And, while a majority of residents moved back to the city after the hurricanes, the rate of their return affected how they perceived their quality of life today. Forty-six percent of the people that returned between one month and a year said their life was about the same—Harper among them. But if they returned more than a year later, 41 percent of respondents said their quality of life was worse.
Some residents, as may be expected, did not return. There’s a stark difference, however, between those who were perhaps unable to return to their pre-Katrina residence as a result of the hurricane, and those who decided to live in a different community. The survey shows that 31 percent—a plurality of residents who never moved back—said life was worse, perhaps because that decision was not made voluntarily. But almost half of the residents who are not living in the same place as they did before the storm said that life had improved.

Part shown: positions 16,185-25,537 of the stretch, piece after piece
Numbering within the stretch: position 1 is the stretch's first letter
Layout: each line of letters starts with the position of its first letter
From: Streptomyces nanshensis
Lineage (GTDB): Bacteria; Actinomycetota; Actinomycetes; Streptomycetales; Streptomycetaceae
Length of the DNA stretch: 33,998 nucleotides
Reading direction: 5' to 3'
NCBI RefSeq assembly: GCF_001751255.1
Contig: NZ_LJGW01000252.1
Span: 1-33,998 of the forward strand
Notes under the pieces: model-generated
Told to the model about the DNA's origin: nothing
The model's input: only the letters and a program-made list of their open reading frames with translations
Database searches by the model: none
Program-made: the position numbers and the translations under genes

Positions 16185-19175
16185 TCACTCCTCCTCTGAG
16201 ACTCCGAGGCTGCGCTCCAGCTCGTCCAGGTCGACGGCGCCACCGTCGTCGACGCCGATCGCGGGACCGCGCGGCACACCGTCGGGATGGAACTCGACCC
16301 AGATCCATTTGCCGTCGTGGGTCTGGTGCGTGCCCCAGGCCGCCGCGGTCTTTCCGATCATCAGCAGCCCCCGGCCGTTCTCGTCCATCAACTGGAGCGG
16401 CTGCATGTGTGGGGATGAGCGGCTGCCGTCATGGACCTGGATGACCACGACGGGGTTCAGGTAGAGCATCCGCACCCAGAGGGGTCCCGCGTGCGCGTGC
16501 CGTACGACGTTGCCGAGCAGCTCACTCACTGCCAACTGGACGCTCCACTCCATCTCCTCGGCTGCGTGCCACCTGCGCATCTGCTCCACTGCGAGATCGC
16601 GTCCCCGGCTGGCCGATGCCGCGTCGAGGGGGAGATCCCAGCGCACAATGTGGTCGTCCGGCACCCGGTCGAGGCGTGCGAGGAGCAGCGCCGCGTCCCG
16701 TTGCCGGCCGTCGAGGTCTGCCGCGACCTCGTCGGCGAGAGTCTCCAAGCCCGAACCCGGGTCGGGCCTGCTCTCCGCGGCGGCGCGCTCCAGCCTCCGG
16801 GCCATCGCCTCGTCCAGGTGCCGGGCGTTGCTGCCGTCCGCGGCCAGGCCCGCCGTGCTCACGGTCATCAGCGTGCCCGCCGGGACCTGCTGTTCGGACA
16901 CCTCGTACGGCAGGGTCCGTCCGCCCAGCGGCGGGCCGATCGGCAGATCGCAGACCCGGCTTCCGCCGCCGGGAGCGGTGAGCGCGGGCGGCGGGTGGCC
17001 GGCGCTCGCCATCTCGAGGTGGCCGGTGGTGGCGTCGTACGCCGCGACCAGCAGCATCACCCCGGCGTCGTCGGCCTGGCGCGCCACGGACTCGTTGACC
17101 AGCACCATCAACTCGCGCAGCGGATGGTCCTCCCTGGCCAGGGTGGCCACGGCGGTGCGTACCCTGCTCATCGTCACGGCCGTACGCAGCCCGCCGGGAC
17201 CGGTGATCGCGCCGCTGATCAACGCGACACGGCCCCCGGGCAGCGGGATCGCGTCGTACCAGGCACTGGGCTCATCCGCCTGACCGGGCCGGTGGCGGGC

In surrounding counties, a similar tale unfolds. In the Greater New Orleans region—which includes two of the hardest hit parishes, Plaquemines and St. Bernard—38 percent of residents living in a different community recorded a better quality of life in comparison to the 28 percent who didn’t return.
As far as residents’ view of their community’s quality of life, very few said it was better than before the hurricane—both in New Orleans and its surrounding region.
“People who live in areas impacted by hurricanes are likely to say that quality of life alone is the same, but not the community,” Henderson said. The survey noted that African Americans in New Orleans “are likely to say that alone quality of life is worse—three times more than whites,” he added.